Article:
The ERA recognises the right to organise into trade unions, have that right recognised by the employer, and legally withdraw work. A key objective of the ERA is to promote unions and collective bargaining.
Consistent with this objective, the ERA specifically recognises unions as the only lawful representative of employees’ collective interests. Collective agreements can only be concluded by a union and an employer.
To take advantage of the rights the ERA offers to unions, they must be registered as an incorporated society and follow certain procedural criteria. Significantly, the union must also be independent of, and be constituted and operate at “arm’s length from” any employer.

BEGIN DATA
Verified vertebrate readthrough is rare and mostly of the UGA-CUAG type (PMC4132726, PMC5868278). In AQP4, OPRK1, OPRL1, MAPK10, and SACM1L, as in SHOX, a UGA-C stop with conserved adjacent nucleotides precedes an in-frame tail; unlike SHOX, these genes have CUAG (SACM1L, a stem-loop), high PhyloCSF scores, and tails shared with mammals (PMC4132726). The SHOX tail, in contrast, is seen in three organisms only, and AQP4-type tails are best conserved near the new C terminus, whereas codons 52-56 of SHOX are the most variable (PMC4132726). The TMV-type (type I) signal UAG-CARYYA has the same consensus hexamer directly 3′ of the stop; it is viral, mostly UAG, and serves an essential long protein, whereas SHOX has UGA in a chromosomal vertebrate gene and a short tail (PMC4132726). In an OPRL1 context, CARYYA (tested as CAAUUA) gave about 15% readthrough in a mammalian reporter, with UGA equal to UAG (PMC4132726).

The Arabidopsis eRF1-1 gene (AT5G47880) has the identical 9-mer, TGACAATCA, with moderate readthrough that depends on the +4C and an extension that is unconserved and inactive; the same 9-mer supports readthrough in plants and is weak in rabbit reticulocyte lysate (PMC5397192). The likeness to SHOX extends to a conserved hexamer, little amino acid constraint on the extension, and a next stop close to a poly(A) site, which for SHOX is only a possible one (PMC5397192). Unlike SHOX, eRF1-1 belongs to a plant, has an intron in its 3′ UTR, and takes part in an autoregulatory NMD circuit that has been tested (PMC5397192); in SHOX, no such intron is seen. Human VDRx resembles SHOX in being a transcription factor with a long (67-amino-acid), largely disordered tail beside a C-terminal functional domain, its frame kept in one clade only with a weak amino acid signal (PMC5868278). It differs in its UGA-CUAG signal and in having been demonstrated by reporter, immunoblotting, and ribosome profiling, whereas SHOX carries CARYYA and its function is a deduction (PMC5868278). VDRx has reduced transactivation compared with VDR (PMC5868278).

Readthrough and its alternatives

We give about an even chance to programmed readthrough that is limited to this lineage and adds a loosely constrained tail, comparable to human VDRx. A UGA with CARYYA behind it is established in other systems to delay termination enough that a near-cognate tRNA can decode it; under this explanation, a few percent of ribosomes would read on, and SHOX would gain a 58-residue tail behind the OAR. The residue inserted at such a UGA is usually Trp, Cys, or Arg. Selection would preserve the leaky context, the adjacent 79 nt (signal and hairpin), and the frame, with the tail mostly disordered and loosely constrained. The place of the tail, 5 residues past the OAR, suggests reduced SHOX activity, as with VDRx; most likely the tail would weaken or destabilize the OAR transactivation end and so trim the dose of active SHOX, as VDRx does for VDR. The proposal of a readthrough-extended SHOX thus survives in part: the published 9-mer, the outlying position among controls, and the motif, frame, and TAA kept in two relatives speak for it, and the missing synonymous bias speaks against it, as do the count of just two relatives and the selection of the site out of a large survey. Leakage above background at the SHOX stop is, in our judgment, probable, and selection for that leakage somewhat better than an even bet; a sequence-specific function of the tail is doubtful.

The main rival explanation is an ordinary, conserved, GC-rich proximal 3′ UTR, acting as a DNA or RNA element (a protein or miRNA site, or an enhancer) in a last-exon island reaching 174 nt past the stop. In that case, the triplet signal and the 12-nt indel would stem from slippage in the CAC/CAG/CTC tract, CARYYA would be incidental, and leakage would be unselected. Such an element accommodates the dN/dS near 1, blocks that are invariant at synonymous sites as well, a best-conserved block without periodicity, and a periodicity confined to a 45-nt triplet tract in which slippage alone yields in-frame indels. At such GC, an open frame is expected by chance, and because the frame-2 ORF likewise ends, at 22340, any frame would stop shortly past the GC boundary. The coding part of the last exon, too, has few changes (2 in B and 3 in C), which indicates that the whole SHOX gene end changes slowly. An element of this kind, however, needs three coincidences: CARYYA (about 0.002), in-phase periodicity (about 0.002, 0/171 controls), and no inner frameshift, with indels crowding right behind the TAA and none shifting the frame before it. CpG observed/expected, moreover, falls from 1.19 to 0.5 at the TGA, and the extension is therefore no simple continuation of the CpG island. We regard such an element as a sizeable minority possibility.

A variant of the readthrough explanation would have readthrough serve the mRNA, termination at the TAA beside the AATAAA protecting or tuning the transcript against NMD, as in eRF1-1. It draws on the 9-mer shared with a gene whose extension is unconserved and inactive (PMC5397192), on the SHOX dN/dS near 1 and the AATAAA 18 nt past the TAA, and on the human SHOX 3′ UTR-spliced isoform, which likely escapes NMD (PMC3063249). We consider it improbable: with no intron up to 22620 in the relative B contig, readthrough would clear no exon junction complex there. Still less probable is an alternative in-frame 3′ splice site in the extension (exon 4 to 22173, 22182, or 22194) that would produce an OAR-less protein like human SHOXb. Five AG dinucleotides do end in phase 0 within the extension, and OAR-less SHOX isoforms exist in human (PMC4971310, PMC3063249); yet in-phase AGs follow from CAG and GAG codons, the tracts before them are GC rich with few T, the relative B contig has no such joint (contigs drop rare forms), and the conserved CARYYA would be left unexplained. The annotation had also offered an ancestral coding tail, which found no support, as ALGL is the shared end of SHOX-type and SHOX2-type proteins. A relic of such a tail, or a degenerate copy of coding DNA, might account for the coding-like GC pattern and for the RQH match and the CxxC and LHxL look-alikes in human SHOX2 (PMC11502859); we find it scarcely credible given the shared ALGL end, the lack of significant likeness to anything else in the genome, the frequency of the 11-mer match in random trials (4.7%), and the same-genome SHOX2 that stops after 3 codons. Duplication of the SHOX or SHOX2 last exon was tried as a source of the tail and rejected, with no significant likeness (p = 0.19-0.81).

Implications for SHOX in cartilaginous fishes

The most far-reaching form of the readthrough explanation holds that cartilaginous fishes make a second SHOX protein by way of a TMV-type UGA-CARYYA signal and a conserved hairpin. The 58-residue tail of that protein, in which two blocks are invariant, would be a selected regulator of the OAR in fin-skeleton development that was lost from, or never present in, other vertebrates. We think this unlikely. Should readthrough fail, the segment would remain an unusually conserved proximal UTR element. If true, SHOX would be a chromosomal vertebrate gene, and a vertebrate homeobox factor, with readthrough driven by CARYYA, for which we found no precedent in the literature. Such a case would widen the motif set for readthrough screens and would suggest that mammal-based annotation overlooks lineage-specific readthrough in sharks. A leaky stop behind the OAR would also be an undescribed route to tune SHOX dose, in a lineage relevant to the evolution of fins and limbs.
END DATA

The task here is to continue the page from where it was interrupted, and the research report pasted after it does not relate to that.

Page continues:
Amendments in 2015 will remove the requirement that previously existed for parties bargaining for a collective agreement to conclude a collective agreement unless there is a genuine reason, based on reasonable grounds, not to.
Strikes and lockouts
The ERA sets out circumstances in which strikes and lockouts are lawful or unlawful. Participation in a strike or a lockout under the ERA will be unlawful if it occurs while a binding collective agreement is in force.